Weak competition despite liberalisation in telecommunication

PORTUGAL IS one of the countries in the European Union that least benefits from competition in the telecommunications market.

Despite the fact that the market has been formally liberalised for six years, the continued lack of operator choice, coupled with high internet charges, dissuades many people from opting for broadband, concludes a study carried out by Regulatory Scorecard on behalf of the European Competitive Communications Association.

While legal statues and resources at a national level are considered adequate, concrete promotional regulatory measures for telephone and internet market access are among the worst in Europe. In other words, there is little available choice apart from key players Optimus, TMN and Vodaphone.

However, Portugal was ahead of countries like Greece, Poland, Hungar and the Czech Republic, which offered clients even less choice when it came to telecommunications service providers.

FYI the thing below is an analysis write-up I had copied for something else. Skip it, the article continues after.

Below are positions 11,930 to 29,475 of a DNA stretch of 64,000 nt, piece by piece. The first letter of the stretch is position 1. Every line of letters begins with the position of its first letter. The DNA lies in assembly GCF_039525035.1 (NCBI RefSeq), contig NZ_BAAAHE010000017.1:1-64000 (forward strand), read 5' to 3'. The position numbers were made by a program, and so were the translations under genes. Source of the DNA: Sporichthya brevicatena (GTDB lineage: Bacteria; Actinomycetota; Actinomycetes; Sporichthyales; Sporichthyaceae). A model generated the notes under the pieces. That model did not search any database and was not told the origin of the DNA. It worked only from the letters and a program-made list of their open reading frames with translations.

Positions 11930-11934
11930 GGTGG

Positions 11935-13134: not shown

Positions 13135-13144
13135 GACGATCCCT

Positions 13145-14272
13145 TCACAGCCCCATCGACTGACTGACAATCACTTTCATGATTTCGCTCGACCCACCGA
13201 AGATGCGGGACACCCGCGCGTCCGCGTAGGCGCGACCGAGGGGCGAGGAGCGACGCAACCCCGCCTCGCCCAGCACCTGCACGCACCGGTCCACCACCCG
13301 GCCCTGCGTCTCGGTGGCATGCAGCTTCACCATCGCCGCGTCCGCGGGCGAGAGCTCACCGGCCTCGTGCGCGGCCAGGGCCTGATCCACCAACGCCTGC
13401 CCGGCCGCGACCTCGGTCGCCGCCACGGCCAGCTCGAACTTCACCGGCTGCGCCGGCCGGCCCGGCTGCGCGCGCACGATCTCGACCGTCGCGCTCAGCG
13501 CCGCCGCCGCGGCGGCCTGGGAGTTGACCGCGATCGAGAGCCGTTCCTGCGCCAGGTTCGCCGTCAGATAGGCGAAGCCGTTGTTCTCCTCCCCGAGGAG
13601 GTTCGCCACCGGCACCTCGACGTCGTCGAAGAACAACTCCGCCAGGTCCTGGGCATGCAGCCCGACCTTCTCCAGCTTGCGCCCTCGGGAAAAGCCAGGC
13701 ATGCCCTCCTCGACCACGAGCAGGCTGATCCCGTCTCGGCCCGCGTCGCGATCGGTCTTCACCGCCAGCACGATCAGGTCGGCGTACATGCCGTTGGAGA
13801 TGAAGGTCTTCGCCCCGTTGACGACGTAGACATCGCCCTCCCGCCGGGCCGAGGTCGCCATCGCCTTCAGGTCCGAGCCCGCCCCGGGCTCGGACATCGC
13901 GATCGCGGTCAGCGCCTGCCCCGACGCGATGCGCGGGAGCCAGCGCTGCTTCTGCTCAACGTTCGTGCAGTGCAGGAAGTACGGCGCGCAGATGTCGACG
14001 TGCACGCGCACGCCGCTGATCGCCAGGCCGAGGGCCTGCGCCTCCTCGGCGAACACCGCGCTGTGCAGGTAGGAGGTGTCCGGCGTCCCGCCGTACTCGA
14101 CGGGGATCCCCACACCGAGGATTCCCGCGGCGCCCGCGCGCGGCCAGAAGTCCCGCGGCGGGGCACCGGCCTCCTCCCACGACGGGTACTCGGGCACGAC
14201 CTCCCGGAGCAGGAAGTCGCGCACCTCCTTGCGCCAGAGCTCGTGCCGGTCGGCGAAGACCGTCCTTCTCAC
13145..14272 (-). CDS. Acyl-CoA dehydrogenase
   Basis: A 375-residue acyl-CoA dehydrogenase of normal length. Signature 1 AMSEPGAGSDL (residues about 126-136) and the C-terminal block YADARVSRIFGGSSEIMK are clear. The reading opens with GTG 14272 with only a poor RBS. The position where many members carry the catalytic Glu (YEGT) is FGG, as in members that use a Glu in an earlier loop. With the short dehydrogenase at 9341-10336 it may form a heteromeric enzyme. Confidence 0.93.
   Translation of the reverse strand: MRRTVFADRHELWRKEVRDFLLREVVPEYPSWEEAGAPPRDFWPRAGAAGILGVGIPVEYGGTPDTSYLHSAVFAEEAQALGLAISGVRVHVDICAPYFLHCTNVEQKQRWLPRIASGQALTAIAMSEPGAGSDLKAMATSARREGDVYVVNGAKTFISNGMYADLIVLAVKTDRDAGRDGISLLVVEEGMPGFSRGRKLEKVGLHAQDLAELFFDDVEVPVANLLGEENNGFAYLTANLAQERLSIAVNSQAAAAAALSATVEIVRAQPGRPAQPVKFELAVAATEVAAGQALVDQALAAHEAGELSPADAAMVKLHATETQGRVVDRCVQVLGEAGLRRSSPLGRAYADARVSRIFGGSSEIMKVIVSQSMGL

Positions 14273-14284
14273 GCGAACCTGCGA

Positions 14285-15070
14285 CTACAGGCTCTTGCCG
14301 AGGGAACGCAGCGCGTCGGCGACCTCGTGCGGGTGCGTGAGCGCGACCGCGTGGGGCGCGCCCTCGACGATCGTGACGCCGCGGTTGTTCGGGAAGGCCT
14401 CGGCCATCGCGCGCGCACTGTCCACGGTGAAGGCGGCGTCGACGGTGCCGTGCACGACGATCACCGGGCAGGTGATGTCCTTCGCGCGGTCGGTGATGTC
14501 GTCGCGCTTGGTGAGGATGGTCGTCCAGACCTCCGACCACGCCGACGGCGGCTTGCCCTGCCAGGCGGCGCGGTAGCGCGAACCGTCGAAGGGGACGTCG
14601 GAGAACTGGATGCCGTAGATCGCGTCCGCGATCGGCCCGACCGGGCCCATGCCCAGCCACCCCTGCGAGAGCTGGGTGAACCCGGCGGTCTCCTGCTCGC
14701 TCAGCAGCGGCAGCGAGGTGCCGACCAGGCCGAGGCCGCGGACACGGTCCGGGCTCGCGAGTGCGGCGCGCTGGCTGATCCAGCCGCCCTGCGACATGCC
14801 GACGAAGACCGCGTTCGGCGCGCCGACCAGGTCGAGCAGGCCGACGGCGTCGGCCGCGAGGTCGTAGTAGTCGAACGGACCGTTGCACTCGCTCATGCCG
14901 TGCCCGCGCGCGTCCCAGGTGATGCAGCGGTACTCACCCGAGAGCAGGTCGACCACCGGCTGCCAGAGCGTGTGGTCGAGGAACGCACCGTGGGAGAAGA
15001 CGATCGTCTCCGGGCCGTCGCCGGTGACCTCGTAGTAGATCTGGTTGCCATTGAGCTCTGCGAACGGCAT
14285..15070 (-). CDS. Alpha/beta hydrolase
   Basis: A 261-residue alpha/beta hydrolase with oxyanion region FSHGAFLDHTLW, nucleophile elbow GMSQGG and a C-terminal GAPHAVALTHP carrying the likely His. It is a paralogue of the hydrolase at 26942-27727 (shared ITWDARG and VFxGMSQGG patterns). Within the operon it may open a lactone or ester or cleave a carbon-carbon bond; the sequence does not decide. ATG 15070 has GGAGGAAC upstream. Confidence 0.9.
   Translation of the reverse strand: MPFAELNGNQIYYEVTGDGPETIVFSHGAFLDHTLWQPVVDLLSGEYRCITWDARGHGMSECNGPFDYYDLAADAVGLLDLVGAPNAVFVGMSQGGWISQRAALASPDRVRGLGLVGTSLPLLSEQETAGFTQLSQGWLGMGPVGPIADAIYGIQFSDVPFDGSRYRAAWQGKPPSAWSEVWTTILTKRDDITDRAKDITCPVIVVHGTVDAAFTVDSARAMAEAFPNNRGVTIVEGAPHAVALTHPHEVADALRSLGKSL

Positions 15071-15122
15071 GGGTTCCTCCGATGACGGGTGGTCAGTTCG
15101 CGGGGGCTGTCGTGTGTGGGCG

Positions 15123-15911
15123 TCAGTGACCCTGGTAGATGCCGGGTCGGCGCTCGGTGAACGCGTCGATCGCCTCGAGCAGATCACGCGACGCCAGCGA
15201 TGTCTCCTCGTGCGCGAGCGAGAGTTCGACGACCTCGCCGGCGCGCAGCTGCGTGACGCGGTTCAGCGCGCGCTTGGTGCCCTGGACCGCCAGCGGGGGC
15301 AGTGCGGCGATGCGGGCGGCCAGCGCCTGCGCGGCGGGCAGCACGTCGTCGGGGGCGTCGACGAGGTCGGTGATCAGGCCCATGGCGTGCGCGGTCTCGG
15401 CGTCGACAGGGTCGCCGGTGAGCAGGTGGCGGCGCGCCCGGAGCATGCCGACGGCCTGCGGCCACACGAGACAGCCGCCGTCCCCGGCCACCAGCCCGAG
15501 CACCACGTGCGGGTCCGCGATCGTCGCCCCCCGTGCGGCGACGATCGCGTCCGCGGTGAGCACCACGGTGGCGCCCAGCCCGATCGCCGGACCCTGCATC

The statistics also cast doubt on the Portuguese government’s stated intentions to create opportunity for mass broadband internet access by cutting monopolies and pressuring the operators into making prices among the cheapest in Europe.

ANACOM, the national authority for communications and the regulatory body for this sector in Portugal, has shouted down the criticism by saying that various measures had already been taken to overcome access difficulties. “Normally, there is a delay between taking decisions and market production,” says ANACOM spokesperson Ilda Matos. ANACOM claims that some internet prices could fall by as much as 10 per cent, while the number of new clients has quadrupled since the beginning of the year.